Thirty years ago, when I first came to live in Italy, the food you could get here - whether in shops or in restaurants - was 100% Italian. There were no ethnic supermarkets, the main supermarkets stocked only Italian products and though an Indian restaurant did open shortly after I arrived, it closed again about six months later because of lack of custom. Coming from an already cosmopolitan country like Britain, it was rather a shock. (Though nowadays as I pass the McDonalds which dot the city at about a hundred yards from each other, I do sometimes feel somewhat nostalgic).
Needless to say, things have changed and Milan is now as cosmopolitan as anywhere else, with a large migrant population. Plus the fact that increased opportunities for travel have meant that the Milanese too are more open to foreign food. Ethnic restaurants and supermarkets abound, and in the last couple of years even mainstream chains have started to cater for non-Italian tastes. You want yams or fresh coriander? Basmati rice or baked beans? Just pop into your local supermarket.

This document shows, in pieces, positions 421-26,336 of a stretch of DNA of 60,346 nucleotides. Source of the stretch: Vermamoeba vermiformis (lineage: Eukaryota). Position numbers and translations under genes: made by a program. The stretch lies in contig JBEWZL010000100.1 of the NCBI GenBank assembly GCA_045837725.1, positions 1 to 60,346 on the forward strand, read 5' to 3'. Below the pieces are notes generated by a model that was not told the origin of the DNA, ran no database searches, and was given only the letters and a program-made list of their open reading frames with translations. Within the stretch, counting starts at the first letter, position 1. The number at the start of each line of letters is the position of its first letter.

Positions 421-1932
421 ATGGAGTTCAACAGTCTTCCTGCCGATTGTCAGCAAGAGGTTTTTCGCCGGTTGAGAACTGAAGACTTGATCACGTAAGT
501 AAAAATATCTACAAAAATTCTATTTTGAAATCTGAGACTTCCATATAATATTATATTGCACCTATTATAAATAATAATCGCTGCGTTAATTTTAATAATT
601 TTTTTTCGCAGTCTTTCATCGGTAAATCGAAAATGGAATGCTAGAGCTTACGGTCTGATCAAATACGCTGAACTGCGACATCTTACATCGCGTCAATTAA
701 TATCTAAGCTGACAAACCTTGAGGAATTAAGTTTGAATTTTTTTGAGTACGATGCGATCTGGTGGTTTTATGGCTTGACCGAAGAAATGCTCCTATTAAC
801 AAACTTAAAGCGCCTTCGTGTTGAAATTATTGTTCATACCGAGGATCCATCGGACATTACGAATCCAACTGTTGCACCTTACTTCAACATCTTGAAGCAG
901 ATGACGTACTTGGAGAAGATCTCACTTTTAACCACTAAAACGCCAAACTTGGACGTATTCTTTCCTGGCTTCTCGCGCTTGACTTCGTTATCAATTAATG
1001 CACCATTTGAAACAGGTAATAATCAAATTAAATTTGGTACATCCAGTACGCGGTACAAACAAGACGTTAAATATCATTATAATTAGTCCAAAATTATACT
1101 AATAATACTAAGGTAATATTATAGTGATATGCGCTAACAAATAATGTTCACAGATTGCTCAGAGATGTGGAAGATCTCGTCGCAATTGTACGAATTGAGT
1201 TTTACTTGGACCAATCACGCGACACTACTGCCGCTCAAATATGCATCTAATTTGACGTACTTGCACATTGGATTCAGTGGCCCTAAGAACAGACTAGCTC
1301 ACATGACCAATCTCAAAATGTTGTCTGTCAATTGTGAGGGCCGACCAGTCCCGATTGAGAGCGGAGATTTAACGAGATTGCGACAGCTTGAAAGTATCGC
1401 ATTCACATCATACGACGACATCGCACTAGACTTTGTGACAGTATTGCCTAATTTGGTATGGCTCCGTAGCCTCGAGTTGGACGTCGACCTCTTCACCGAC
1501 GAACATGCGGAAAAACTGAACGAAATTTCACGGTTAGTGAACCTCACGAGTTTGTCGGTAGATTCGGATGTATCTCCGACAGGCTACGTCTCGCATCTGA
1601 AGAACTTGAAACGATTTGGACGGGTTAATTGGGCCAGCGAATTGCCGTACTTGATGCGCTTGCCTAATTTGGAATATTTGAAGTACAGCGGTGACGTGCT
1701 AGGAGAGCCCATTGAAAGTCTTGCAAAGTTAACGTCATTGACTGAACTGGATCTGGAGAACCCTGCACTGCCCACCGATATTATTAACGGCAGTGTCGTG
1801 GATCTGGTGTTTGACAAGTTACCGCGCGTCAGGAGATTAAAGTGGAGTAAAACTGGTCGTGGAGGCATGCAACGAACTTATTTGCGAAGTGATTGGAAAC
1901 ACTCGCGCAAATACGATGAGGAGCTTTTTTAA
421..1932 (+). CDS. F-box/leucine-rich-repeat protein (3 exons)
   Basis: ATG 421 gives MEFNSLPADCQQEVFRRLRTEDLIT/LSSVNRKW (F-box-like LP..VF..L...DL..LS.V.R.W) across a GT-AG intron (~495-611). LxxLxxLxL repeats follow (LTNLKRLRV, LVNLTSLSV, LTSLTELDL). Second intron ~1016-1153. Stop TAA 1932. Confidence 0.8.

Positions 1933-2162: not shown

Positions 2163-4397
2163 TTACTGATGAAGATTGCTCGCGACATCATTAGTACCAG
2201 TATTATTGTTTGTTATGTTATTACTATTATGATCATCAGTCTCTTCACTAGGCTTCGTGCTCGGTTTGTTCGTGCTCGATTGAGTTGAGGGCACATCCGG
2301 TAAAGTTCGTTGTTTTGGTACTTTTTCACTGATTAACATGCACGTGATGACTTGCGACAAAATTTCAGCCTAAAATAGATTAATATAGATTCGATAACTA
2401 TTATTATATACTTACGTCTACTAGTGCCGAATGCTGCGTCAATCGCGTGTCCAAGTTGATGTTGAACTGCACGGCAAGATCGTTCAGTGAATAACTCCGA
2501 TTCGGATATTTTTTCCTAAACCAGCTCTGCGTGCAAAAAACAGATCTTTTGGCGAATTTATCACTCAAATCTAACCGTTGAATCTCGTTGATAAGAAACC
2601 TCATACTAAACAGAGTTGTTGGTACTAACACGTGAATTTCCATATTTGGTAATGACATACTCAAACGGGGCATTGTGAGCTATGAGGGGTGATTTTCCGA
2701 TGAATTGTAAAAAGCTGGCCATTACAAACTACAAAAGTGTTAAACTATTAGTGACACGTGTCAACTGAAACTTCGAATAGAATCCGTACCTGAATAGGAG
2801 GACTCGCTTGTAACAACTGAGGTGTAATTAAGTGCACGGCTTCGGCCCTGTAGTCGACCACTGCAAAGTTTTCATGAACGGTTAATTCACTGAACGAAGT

Recently though I've found a couple of things which are not particularly "ethnic" but which I'd still never come across before. The first were banana shallots. The one in the photo was nearly 7 inches long.
Checking on the Internet it didn't seem to be particularly unusual, so you may be wondering what the fuss is about. But I'd certainly never seen them before. I cooked them in a pasta sauce instead of onions, and roasted. Both ways worked well - they have a nice, mild flavour, but don't really seem much different to ordinary shallots.
The other vegetable though has really got me stumped. The Italian name on the label on the market stall was spigoli - roughly translated as "jutting out corners", which is presumably a reference to the bits in the middle. But an Internet search produced nothing.
I cooked it in a very small quantity of water and oil, not even sure which bit or bits I was supposed to eat. The green bits were nice, but nothing special. Just greens. The white spikes in the middle were a bit bitter, but OK. I'm not sure I'd bother to get it again - there are other greens which I like better. But it was curious. Has anyone ever come across it? Or even grown it?